As this issue goes to press, the Copenhagen climate summit, which Nicholas Stern, author of The Economics of Climate Change, has referred to as “the most important meeting since the Second World War,” is about to begin. The summit was supposed to herald a new global climate treaty, to replace the failed and expiring Kyoto Protocol. The goal was to create an ambitious, binding international agreement on emissions reductions. Yet, barely a week before its commencement (as we write this) it seems destined to fail.
Volume 61, Issue 08 (January)
It is now universally recognized within science that humanity is confronting the prospect—if we do not soon change course—of a planetary ecological collapse. Not only is the global ecological crisis becoming more and more severe, with the time in which to address it fast running out, but the dominant environmental strategies are also forms of denial, demonstrably doomed to fail, judging by their own limited objectives. This tragic failure, I will argue, can be attributed to the refusal of the powers that be to address the roots of the ecological problem in capitalist production and the resulting necessity of ecological and social revolution.
Climate change has brought the global environmental crisis to its crux. The primary point that must be noted is that the pace of climate change is accelerating much more rapidly than had been forecast. Accumulation of carbon dioxide, rising temperatures, melting of the polar ice caps and of the “eternal snows,” droughts, floods: all are speeding up and previous scientific analyses, the ink scarcely dry, turn out to have been too optimistic. More and more, in projections for the next one, two, or three decades, the highest estimates are becoming accepted minima. And to that must be added the all-too-little-studied amplifying factors that today pose the risk of a qualitative leap in the greenhouse effect leading to runaway global warming.
The Italian communist philosopher Antonio Gramsci makes, in his Prison Notebooks, the following insightful remarks regarding the character of critical work and reflection. He states: “The beginning of a critical elaboration is the consciousness of that which really is, that is to say a ‘knowing of yourself’ as a product of the process of history that has unfolded thus far and has left in you, yourself, an infinity of traces collected without the benefit of an inventory. It is necessary initially to make such an inventory.” In what follows I will undertake such a task.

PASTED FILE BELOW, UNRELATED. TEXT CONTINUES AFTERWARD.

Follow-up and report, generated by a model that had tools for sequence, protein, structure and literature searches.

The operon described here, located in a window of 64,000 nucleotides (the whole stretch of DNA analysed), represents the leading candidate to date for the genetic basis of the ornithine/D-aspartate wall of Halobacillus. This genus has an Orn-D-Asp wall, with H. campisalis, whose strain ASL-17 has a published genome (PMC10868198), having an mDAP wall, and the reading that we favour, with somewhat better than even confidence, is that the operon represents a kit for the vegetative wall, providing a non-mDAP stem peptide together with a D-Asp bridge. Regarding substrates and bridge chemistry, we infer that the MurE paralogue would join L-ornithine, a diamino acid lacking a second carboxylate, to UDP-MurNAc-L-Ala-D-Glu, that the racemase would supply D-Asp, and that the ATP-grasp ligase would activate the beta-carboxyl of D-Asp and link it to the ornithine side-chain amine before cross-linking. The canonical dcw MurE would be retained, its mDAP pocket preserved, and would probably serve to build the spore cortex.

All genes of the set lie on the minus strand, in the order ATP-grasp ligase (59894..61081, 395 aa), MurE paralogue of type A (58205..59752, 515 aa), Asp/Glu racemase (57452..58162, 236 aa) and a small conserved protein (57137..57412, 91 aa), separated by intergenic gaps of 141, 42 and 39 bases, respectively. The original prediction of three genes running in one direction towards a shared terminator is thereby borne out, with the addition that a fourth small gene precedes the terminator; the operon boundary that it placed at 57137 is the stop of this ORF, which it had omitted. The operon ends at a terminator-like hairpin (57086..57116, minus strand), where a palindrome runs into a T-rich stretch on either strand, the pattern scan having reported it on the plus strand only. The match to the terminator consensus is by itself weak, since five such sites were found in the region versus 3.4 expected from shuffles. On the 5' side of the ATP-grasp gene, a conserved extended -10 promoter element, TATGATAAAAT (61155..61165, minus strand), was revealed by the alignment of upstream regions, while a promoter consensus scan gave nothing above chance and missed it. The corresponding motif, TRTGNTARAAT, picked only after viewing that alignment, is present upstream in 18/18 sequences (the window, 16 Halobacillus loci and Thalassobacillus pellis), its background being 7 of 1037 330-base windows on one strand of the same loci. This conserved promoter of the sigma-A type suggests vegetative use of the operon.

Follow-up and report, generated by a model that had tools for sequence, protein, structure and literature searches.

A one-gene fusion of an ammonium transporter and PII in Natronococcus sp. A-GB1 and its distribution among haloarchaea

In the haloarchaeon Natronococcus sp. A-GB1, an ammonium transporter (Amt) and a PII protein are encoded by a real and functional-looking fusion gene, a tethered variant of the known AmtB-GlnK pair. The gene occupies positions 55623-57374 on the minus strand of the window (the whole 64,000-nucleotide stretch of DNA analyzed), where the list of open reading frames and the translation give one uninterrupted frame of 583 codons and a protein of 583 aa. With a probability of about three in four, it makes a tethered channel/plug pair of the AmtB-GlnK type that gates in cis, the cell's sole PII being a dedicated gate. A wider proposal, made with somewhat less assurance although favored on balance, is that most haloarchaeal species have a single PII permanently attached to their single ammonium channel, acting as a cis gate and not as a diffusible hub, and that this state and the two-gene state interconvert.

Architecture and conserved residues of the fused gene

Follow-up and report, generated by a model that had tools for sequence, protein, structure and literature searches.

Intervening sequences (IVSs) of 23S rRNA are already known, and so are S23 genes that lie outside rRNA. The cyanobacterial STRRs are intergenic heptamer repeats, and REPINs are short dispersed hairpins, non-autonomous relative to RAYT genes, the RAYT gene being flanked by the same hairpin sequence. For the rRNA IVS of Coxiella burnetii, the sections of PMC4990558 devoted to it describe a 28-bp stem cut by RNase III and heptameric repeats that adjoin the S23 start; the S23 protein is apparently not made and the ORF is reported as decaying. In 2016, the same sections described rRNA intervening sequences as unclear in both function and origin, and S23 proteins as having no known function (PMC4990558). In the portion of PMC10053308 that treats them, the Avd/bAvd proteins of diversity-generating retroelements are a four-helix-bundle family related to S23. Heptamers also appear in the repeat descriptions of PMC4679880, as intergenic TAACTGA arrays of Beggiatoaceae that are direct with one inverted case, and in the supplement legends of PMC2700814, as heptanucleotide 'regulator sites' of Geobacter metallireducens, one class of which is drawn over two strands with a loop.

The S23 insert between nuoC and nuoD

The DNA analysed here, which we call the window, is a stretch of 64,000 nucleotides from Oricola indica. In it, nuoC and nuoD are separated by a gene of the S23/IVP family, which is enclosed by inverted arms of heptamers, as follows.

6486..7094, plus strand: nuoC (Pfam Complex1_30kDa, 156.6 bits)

The unspeakable, overwhelming evil of the Holocaust is a necessary element in any attempt to understand the history of modern Israel. The deliberate, systematic annihilation of six million Jews in Europe, after centuries of intermittent persecution and pogroms, led many Jews around the world to conclude, along with those who had already moved to Palestine since the late nineteenth century, that only in a homeland of their own would they have security.…The fundamental problem that haunts Jews and Palestinians to this day is that the land was already occupied, and the Jewish immigrants had to take it by force.
John Malpede has never worried much about transgressing the line between brave and crazy. Otherwise, he would not have started a theater company in Skid Row Los Angeles in the mid-1980s, when few services existed there, and most people, including his own theater members, predicted the idea would never fly. Nor would he have thought it a cool idea to join members of his L.A. troupe with Bolivian actors this August to tour Bolivia—where coca is a major cash crop—with a play about the War on Drugs.
Denise Bergman is the author of Seeing Annie Sullivan, poems based on the early life of Helen Keller’s teacher, which was translated into Braille and made into a Talking Book, and Keyhole Poems, a sequence that combines the history of twelve specific urban places with the present. An excerpt of one poem from that series, “Red,” is permanently installed as public art in Cambridge, MA.
Okay. Let’s get the disclaimers out of the way right now. I am a longtime fan of Mike Yates. A big fan. I have used his materials with community and labor activists, made some contributions to a few of his works, and answered his call to write for Monthly Review on other occasions. So it will come as no surprise that In and Out of the Working Class did not disappoint. This personal reflection and journey through the world of Mike Yates from the early 1950s to the present has made me an even bigger fan.